US consumer spending, incomes grew solidly in April
- Author: Zachary Reyes May 30, 2017,
May 30, 2017, 21:07
The figure is one of the most important gauges of economic stability, with consumer spending accounting for more than two-thirds of U.S. economic activity.
The 1.2 per cent GDP growth rate in the first quarter was far below the targets set by President Donald Trump.
Americans increased their spending in April at the fastest pace in four months, bolstered by a solid gain in incomes.
April's increase was the biggest since December, alleviating worries over an initial slowdown in the first quarter of the year and easing concerns about second-quarter economic growth going forward. Consumer spending was previously reported to have been unchanged in March. That was the worst performance since late 2009 and helped contribute to a lackluster 1.2% annual growth rate in the first quarter.
However, although economy slowed less than first thought in the first quarter, reduced business investment and consumer spending mean that any expectations of a sharp rise in growth in the second quarter are unlikely to come about.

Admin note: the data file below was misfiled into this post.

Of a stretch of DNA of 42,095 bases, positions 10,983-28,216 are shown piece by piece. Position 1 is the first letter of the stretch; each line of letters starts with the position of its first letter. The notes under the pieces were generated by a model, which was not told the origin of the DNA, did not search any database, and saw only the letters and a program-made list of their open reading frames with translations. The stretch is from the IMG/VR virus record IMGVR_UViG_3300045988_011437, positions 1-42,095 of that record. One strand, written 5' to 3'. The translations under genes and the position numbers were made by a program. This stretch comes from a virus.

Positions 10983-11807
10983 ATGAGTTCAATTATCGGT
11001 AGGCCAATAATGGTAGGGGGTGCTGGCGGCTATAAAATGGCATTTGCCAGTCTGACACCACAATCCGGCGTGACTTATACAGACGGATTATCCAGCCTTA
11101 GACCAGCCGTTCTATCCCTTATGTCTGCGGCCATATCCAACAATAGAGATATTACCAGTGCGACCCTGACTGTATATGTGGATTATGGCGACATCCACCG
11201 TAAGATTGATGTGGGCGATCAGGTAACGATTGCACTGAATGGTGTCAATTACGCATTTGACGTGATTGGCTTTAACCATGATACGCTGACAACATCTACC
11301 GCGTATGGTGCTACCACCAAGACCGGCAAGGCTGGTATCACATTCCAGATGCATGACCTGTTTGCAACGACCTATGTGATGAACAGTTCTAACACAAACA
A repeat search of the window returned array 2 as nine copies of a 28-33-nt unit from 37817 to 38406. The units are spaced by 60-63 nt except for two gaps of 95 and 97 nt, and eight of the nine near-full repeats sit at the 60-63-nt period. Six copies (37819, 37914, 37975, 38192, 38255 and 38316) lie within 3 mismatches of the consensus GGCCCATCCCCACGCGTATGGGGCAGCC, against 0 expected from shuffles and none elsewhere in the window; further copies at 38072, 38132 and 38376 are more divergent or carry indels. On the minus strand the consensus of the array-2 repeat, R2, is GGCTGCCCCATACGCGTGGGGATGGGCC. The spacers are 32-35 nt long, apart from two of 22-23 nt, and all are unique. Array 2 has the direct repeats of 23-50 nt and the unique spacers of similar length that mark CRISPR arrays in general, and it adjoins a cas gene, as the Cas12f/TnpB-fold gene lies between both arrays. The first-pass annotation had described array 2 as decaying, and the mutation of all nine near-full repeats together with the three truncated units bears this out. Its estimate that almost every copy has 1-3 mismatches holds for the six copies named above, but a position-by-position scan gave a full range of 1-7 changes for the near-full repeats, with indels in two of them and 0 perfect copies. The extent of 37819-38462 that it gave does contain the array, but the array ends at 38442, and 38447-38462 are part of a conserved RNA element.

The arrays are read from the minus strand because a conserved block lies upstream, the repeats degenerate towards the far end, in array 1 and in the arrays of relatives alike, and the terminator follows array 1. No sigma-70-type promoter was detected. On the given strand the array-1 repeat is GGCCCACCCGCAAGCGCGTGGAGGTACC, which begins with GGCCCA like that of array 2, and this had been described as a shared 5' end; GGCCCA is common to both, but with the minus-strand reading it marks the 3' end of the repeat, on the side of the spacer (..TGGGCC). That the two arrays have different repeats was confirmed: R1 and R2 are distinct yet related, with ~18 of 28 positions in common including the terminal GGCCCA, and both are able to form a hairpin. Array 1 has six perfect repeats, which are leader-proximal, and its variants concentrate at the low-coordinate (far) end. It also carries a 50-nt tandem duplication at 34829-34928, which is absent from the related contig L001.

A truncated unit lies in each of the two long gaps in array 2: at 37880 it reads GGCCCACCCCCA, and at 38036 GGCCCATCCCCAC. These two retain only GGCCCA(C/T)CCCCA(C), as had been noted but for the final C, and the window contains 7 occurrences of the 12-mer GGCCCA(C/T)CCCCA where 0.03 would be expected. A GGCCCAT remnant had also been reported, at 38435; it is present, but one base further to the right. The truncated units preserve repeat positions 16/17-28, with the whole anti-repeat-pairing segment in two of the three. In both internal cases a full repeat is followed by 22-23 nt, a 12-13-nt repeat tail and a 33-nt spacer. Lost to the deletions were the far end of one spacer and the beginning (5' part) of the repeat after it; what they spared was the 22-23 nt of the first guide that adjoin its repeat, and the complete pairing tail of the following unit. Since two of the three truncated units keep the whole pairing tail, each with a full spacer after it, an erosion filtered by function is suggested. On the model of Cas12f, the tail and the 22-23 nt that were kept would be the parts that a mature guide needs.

USA stock index futures pared losses after the data while the dollar edged up against the yen. The dollar.DXY dipped against a basket of currencies while USA government bond prices rose.
The Fed has signalled it likely will raise rates again "soon", believing recent slow growth was only temporary, and most analysts expect a rate hike at the next policy meeting Jun 13-14.
The fresh sign of tepid price increases could lessen pressures on the central bank to raise interest rates when policymakers meet next month. Consumer spending is being boosted by a tightening labor market, which is gradually pushing up wages.
In a separate report on Tuesday, the Conference Board said its consumer confidence index slipped to a reading of 117.9 in May from 119.4 in April.
Inflation as measured by the PCE index, meanwhile, rose 0.2% in April, as did another "core" measure that strips out food and energy. Incomes also rose 0.4 per cent, double the 0.2 per cent March increase.
The core PCE is the Fed's preferred inflation measure. Incomes also rose 0.4 percent, double the 0.2 percent March increase.
Savings were little changed at $759.1-billion last month. Real personal spending in March was revised up to 0.5% from 0.3%.